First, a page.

The Costs Budget remains essential to costs recovery and monitoring continues to play an all-important role. The courts have previously ruled that an underspend of any phase constitutes a good reason to depart from the budget, however during a recent detailed assessment of costs in Utting v City College Norwich  EWHC B20 (Costs) Master Brown adopted a different approach, agreeing with DJ Lumb in the case of Chapman v Norfolk & Norwich University Hospitals NHSFT , as he commented:
“if an underspend were to be a good reason for departing from a budget it would be liable to substantially undermine the effectiveness of cost budgeting. As the Judge effectively observed, solicitors who had acted efficiently and kept costs within budget would find their costs subject to detailed assessment, whereas less efficient solicitors who exceeded the budget would, absent any other “good reason”, receive the budgeted sum and avoid detailed assessment.”
Consequently, the opportunity to secure a full recovery of budgeted costs (i.e. those estimated costs that have been incurred), is increased if the costs incurred fall within the budget.
Master Brown largely sided with DJ Lumb’s approach in the case of Chapman when he determined that underspending in a phase was not a good reason to depart from the budget. A budgeted phase coming up short is limited to the sum spent because of the indemnity principle, but that does not open it up to scrutiny more generally in the absence of further “good reason”.
Counsel for the Defendant in Utting submitted that if the amount of a phase does not match the budgeted sum then the costs of that phase are subject to detailed assessment including where there has been an underspend. The claim had settled some 20 days before trial following an unsuccessful joint settlement meeting. The bill claimed costs slightly lower than those budgeted but Master Brown deemed all phases to be complete, save for the Trial Preparation phase and Trial phase. For the phases regarded as complete he opined:
“the fact that a party has spent less than its budget for a phase does not mean there is therefore in fact a good or appropriate reason for any further reduction and I was not satisfied that there was any additional “good reason” for any such reduction.”
The Defendant was however given permission to argue “good reason” for departure in the Trial Preparation and Trial phases on the grounds that these phases had not substantially been completed and described this as:
“a clear and obvious distinction between an ‘underspend’ and the situation that arose in respect to the Trial and Trial Preparation phases where plainly there was, at the very least, substantial non-completion”
This was the key difference to the approach taken by DJ Lumb in Chapman. The thrust of the ruling in Chapman seemed to be that once a budget was set, a party could spend a budgeted phase however it chose.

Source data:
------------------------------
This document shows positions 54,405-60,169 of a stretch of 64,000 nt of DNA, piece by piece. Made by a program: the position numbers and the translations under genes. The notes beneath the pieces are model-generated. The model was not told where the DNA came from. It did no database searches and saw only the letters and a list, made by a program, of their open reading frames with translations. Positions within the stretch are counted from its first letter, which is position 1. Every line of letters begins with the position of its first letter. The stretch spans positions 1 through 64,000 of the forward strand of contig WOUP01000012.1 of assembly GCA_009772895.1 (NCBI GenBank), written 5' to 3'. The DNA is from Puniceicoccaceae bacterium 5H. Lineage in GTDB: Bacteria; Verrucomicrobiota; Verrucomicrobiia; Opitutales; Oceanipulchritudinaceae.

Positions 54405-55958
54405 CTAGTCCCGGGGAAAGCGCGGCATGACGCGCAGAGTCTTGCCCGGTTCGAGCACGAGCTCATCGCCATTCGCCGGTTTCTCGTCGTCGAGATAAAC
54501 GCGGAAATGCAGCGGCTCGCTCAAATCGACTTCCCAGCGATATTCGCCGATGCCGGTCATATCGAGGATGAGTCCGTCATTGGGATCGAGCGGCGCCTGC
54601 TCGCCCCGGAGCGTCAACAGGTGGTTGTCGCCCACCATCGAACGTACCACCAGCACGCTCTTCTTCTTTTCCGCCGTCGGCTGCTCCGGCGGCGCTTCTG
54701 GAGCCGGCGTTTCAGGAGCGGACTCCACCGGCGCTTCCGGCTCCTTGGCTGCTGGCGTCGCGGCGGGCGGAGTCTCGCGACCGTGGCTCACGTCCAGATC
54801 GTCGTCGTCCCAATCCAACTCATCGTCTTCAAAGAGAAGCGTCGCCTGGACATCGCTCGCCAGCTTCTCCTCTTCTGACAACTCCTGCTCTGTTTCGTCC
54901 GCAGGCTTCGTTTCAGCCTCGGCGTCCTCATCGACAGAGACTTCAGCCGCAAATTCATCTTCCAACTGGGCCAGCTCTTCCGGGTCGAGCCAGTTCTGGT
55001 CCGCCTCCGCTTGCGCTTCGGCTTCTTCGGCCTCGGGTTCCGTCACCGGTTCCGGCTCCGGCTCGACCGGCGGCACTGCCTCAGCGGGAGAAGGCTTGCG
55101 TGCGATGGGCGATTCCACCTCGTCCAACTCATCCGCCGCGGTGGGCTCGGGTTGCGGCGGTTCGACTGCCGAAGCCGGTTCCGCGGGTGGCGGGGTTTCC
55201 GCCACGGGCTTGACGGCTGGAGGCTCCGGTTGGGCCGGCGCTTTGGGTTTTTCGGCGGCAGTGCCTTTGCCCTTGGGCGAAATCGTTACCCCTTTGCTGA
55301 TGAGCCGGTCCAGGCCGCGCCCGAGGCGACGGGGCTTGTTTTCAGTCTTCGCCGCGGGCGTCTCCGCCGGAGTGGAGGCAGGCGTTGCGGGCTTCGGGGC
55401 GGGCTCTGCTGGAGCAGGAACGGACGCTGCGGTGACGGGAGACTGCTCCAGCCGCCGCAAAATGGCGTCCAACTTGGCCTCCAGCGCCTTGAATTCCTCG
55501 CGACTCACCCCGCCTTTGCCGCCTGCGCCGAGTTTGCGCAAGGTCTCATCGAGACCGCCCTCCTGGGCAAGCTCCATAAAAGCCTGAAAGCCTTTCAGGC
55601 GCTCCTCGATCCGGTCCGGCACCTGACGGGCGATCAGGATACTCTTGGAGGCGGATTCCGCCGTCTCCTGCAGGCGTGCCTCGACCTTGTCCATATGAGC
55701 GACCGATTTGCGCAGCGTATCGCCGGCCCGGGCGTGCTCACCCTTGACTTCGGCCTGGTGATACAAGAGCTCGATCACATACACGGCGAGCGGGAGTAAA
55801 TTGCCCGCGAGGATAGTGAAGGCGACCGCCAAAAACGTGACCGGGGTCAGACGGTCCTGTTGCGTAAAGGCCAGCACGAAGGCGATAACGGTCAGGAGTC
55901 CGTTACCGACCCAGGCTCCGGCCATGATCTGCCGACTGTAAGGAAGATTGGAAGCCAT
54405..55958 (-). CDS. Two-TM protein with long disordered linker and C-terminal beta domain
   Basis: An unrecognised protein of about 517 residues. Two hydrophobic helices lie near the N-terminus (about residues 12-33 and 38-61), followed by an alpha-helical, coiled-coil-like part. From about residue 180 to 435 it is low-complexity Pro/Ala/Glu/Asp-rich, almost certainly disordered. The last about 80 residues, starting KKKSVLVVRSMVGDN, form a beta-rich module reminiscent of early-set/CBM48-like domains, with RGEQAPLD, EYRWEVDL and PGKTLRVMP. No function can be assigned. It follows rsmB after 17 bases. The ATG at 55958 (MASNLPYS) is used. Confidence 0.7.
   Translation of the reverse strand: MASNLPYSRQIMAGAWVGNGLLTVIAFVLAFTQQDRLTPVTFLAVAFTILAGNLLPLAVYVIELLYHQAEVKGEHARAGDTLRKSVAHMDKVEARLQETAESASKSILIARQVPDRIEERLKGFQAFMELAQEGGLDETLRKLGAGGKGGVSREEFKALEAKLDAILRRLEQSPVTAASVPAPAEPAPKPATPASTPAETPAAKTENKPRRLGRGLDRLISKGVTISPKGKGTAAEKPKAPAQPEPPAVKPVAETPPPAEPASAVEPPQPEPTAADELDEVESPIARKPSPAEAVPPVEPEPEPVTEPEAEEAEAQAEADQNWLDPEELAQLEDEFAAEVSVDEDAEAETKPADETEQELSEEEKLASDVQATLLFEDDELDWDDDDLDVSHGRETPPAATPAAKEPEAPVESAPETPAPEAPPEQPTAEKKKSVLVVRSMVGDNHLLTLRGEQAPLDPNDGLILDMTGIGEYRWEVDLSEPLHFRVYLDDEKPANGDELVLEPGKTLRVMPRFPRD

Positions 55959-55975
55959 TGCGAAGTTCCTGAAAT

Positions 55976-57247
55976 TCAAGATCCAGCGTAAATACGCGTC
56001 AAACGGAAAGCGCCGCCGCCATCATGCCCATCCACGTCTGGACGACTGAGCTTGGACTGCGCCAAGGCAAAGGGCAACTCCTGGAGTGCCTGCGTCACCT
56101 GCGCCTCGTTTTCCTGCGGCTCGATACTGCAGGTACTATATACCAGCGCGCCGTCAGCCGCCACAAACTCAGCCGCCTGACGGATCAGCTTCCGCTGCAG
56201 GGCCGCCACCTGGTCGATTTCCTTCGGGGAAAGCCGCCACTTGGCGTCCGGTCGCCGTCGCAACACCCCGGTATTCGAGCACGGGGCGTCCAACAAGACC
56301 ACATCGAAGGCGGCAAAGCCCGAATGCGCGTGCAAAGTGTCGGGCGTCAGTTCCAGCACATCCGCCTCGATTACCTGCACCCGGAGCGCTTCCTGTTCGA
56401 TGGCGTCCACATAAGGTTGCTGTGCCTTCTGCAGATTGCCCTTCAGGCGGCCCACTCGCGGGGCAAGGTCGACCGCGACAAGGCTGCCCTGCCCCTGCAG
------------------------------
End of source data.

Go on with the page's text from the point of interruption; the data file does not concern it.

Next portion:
In Utting the Defendant sought to rely on the 2019 ruling in Barts Health NHS Trust v Salmon where not spending the totality of the budgeted figure for a particular phase, by virtue of the indemnity principle itself, did constitute “good reason”. The point of settlement of this case was pre-agreement of joint expert meeting agendas and before any JSM and so unsurprisingly the sums claimed in the Expert and ADR phases were less than the sum which had been budgeted for. Master Brown made reference to the fact he sat as an assessor in Barts Health NHS Trust v Salmon but justified taking a different tack in Utting on the basis that in Barts Health “the assumptions upon which the budget had been prepared were not fulfilled”.
The approach taken in Barts health essentially incentivised a receiving party to overspend to avoid detailed assessment. DJ Lumb recognised this in Chapman and highlighted how it was problematic. Although Master Brown in Utting agreed with DJ Lumb as to the overall effect of the ruling in Barts Health, Master Brown went on to comment:
“There is however nothing per se unjust if a receiving party were to receive a sum by way of costs which is less than the budgeted sum. This is, of course, to be contrasted with the situation where a phase is not substantially completed, where it would, to my mind, be unjust for a receiving party to receive the full amount of a budgeted sum in circumstances where only a modest amount of the expected work had been done.”
As none of the cases referred to above are binding there remains an absence of clarity surrounding “good reason” to depart from a budget when the receiving party has underspent. The decision in Utting does however seem to have refined the approach in Chapman, causing Barts Health to appear to be more of an anomaly, further highlighting the importance of budgets and budget monitoring.
Anna Lockyer is an Associate in the Costs and Litigation Funding Department at Clarion Solicitors. You can contact her at email@example.com and 0113 288 5619, or the Clarion Costs Team on 0113 246 0622